Thursday, July 7, 2011

The IT Conflict: The Network vs. Users. Part 1


We can all agree, working in IT has its challenges. A friend recently asked me "What has been the most significant challenges in IT recently?"

To that I say "how much time do you have?"

Over the years we have seen many technology innovations.  Some have been business focused while others have been consumer focused.  Business focused innovations improved network performance and reliability, application intelligence, business efficiencies, and security. Consumer innovations have focused on features, functionality, and ease of use. Often, consumer innovations have created headaches for the IT department.

I remember, back in the day, installing VPN servers when dial-up modems were the norm. Who would use a VPN when they could just dial in? A short time later, broadband Internet connections exploded, end user signed up like mad, and nobody wanted to access corporate resources through a dial-up modem any more. We struggled to install VPN servers with enough capacity.

Then wireless Ethernet appeared. Business users could connect their company provided laptops to their home wireless networks, but still had to plug-in at work. Why did they have to plug-in at work?  “Can’t the IT department implement wireless as easy as at home?”

So we struggled to install standalone wireless access points. They were cumbersome, then we figured out centrally managed wireless networks were much more efficient.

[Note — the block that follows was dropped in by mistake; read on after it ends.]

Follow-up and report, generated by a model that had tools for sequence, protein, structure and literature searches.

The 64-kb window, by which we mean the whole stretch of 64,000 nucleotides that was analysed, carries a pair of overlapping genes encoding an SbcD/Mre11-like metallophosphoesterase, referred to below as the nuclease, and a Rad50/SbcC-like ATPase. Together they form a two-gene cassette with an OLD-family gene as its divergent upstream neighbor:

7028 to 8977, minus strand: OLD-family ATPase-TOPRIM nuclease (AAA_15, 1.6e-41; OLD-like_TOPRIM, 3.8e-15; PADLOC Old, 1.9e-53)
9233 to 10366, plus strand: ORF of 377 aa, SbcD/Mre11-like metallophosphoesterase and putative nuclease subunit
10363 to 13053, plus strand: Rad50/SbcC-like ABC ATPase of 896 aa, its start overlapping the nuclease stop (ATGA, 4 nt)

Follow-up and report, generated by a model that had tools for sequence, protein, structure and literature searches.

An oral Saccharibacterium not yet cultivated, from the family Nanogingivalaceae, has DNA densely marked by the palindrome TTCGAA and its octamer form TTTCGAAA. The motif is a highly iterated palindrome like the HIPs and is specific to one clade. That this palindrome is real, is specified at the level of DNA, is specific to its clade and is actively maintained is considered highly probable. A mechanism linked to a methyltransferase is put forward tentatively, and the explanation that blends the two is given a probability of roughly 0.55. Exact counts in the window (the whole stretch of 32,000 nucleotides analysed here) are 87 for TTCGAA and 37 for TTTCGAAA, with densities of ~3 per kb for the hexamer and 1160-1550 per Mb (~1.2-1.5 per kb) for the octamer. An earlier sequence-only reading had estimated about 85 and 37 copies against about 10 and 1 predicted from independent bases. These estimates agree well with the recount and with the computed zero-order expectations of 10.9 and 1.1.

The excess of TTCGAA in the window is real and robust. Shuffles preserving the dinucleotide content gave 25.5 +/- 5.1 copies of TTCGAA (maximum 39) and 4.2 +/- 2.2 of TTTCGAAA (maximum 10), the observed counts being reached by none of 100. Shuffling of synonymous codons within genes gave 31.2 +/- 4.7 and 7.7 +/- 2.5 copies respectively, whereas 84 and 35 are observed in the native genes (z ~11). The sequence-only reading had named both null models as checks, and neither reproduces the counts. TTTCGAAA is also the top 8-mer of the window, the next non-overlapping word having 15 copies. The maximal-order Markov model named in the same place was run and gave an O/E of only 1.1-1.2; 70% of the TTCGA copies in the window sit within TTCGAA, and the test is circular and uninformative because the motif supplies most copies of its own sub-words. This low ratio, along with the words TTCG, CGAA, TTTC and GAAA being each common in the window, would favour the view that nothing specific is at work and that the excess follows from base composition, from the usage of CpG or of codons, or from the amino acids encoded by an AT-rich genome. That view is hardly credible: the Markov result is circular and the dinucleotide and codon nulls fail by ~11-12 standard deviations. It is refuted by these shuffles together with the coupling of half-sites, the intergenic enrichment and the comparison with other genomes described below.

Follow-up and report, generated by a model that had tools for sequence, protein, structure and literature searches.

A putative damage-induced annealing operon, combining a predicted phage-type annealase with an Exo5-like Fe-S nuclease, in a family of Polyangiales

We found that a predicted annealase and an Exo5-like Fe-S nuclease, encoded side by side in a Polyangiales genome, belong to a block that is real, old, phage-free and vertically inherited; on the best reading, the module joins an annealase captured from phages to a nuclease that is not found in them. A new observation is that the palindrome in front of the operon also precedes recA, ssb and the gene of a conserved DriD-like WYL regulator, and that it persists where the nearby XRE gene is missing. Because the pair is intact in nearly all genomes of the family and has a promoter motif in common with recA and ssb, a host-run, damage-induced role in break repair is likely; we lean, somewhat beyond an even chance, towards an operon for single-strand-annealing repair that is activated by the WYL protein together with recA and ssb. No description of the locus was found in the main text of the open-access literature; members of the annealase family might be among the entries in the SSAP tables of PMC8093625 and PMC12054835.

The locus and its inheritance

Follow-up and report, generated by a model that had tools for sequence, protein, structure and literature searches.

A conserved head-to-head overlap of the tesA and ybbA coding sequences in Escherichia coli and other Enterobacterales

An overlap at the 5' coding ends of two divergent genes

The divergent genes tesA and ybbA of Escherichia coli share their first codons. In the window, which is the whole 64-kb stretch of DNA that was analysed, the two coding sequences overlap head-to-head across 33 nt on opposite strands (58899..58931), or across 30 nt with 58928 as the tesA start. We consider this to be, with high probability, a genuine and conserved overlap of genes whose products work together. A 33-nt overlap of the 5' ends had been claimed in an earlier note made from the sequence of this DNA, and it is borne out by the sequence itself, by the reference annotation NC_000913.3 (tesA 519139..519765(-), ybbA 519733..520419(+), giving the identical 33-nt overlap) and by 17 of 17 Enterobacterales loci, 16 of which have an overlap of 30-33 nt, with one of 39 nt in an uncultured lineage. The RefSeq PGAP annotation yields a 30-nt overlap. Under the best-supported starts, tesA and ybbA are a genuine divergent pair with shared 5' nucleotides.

Today many organizations have deployed remote-access VPNs and centrally managed wireless networks. Business users, from home, hotel rooms, conference rooms, airports, Starbucks, or other locations, can securely connect to the corporate network. In the physical office, business users can connect with wired or wireless connections and easily access the same systems. We even can support “Guest” wireless connections
We could finally rest,  IT finally caught up to the users. But, like Steve Jobs likes to say, “but there’s more”. ...Great!@$%

Now we have business users bringing in other devices not provided by the IT department. I have a customer who has a XBOX in a conference requiring wireless Internet access.

It is now a reality; IT Departments now have to support Smartphones. Business users expect “always on” connectivity.  Users expect to not only have continuous access regardless of their platform.

Not only does the IT department have to pay for the Data plans, they now have to support the wireless Ethernet connectivity requirements. It would be easy to not support wireless Ethernet connectivity, but the cost of cellular data usage has to be considered. It is now financially prudent to allow Smartphones onto the business network.
Now, do we want the smartphones on the “Guest” wireless network, or the “internal”. Both have their advantages. “Guest” lets the user connect like they are at home but they may have to sign in to a “Guest” splash screen.  An “internal” wireless connection may open up the network to security hazards.

And then someone in management had to go and get a tablet. It could be an iPad or an Android device, it doesn’t matter. The IT department didn’t buy it, but it needs to connect to the network.  When the connection doesn’t work, we hear “what do you mean ‘no more IP addresses are available’”, “when I’m in my office, Angry Birds is slow”.

In my next installment; Unified Communications – home user features vs. business users’ functionalit


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